At a desert cemetery in Pakistan, four dynasties sleep in the boundless sands

Special At a desert cemetery in Pakistan, four dynasties sleep in the boundless sands
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The tomb of Sultan Ibrahim, who died in 1559, at Makli Necropolis is a solid octagonal brick structure. Photograph taken on Sept 25, 2019. (AN photo by SA Babar)
Special At a desert cemetery in Pakistan, four dynasties sleep in the boundless sands
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Makli Necropolis near Thatta city of Pakistan’s southern Sindh province offers a glimpse into the history of four famous dynasties that ruled over the region. Photograph taken on Sept 25, 2019. (AN photo by SA Babar)
Special At a desert cemetery in Pakistan, four dynasties sleep in the boundless sands
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Makli Necropolis near Thatta city of Pakistan’s southern Sindh province offers a glimpse into the history of four famous dynasties that ruled over the region. Photograph taken on Sept 25, 2019. (AN photo by SA Babar)
Special At a desert cemetery in Pakistan, four dynasties sleep in the boundless sands
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In 1981, Makli was declared a UNESCO World Heritage Site. Photograph taken on Sept 25, 2019. (AN photo by SA Babar)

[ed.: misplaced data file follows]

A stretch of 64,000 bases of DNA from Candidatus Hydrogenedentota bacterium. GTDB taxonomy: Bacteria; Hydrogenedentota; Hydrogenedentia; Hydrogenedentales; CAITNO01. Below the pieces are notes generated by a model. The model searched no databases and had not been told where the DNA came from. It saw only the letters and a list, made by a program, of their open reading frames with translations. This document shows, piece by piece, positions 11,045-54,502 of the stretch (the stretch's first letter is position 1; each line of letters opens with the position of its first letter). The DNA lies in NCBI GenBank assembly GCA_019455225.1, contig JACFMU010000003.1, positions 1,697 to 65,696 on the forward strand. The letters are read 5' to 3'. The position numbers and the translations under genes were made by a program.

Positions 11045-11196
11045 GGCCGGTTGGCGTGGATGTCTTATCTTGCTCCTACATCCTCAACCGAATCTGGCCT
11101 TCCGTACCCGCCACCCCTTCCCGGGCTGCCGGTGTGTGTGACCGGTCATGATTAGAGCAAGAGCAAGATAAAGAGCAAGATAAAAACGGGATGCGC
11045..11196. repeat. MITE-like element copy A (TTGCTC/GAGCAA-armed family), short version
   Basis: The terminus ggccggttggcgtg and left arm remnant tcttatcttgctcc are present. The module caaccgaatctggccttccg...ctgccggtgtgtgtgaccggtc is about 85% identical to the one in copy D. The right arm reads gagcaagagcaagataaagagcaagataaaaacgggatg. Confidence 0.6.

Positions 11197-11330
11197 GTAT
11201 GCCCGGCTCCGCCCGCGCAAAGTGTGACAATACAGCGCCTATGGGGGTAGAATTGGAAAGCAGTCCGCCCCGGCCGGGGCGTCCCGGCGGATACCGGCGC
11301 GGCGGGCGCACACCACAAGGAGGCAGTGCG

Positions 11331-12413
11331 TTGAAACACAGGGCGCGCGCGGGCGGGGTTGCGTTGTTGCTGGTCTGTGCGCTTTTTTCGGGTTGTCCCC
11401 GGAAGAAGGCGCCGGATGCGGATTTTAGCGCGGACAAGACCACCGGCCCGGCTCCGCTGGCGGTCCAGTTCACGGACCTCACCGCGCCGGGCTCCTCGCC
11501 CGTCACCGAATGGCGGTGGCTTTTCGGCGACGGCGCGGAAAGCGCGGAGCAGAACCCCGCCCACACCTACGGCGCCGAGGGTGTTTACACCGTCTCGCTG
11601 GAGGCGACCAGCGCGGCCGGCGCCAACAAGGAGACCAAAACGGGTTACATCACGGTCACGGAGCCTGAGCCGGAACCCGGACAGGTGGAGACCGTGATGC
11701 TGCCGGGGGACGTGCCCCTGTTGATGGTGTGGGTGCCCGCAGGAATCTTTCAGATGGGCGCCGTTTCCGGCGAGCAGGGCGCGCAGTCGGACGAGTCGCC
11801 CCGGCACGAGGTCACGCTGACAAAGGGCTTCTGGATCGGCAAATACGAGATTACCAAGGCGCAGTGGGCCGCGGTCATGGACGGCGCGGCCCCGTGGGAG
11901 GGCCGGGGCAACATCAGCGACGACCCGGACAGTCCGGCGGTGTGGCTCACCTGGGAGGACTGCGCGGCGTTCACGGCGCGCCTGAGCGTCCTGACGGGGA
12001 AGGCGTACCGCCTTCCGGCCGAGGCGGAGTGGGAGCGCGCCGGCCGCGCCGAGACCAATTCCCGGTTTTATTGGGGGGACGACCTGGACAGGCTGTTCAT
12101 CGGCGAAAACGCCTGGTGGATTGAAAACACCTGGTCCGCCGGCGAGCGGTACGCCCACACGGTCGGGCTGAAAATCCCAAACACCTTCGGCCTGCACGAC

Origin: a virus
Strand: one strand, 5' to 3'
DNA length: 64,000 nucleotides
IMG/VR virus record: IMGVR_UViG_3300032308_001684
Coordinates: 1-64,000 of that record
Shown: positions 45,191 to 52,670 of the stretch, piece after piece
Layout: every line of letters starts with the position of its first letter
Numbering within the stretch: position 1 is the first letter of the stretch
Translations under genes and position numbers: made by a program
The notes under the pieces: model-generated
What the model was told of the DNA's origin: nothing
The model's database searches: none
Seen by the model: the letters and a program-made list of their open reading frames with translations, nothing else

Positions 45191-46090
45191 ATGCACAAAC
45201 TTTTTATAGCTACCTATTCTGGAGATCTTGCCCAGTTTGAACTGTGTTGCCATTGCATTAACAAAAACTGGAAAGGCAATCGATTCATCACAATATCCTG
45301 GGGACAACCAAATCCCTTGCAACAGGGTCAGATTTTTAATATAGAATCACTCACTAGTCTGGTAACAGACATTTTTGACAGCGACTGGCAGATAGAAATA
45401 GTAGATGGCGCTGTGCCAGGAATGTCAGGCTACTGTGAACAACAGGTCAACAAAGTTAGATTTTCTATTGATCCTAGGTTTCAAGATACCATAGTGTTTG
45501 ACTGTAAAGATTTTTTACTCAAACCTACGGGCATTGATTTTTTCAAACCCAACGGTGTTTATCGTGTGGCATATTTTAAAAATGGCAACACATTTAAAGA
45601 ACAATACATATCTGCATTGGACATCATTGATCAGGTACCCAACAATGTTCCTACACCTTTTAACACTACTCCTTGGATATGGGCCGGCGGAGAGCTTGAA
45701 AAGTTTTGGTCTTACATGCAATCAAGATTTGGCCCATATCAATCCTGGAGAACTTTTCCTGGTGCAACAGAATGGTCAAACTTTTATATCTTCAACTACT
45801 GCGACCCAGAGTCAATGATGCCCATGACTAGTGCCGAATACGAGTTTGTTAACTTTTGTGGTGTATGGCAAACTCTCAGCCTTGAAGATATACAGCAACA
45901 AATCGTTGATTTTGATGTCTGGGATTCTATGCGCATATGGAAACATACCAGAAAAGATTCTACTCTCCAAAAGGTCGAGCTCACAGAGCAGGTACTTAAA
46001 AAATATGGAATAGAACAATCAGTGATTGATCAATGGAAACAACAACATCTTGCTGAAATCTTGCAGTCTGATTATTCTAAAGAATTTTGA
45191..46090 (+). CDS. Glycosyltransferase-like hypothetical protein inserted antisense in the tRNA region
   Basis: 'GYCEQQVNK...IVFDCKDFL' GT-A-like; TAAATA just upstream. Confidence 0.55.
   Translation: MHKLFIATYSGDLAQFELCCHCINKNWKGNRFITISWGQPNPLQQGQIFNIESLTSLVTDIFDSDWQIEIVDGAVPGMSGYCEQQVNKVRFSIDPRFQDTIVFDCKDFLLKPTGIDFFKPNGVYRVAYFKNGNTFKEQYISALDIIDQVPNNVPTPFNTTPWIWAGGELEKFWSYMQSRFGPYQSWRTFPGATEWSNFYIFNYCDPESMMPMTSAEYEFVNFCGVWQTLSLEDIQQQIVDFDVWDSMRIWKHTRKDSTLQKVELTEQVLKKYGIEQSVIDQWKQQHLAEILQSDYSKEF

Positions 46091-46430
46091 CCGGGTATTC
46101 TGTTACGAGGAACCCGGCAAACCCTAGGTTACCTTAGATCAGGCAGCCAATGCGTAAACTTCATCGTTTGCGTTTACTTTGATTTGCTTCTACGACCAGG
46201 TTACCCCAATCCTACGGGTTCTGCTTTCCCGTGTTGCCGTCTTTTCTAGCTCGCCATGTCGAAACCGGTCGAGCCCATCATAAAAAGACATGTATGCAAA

Special At a desert cemetery in Pakistan, four dynasties sleep in the boundless sands
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In 1981, Makli was declared a UNESCO World Heritage Site. Photograph taken on Sept 25, 2019. (AN photo by SA Babar)
Special At a desert cemetery in Pakistan, four dynasties sleep in the boundless sands
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In 1981, Makli was declared a UNESCO World Heritage Site. Photograph taken on Sept 25, 2019. (AN photo by SA Babar)
Special At a desert cemetery in Pakistan, four dynasties sleep in the boundless sands
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In 1981, Makli was declared a UNESCO World Heritage Site. Photograph taken on Sept 25, 2019. (AN photo by SA Babar)
Special At a desert cemetery in Pakistan, four dynasties sleep in the boundless sands
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In 1981, Makli was declared a UNESCO World Heritage Site. Photograph taken on Sept 25, 2019. (AN photo by SA Babar)
Special At a desert cemetery in Pakistan, four dynasties sleep in the boundless sands
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In 1981, Makli was declared a UNESCO World Heritage Site. Photograph taken on Sept 25, 2019. (AN photo by SA Babar)
Special At a desert cemetery in Pakistan, four dynasties sleep in the boundless sands
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In 1981, Makli was declared a UNESCO World Heritage Site. Photograph taken on Sept 25, 2019. (AN photo by SA Babar)
Updated 29 September 2019

At a desert cemetery in Pakistan, four dynasties sleep in the boundless sands

At a desert cemetery in Pakistan, four dynasties sleep in the boundless sands
  • The necropolis is a testament to the great Sindhi civilization
  • Some people say ‘Makli’ means little Makkah, though the origin and meaning of the name remain unclear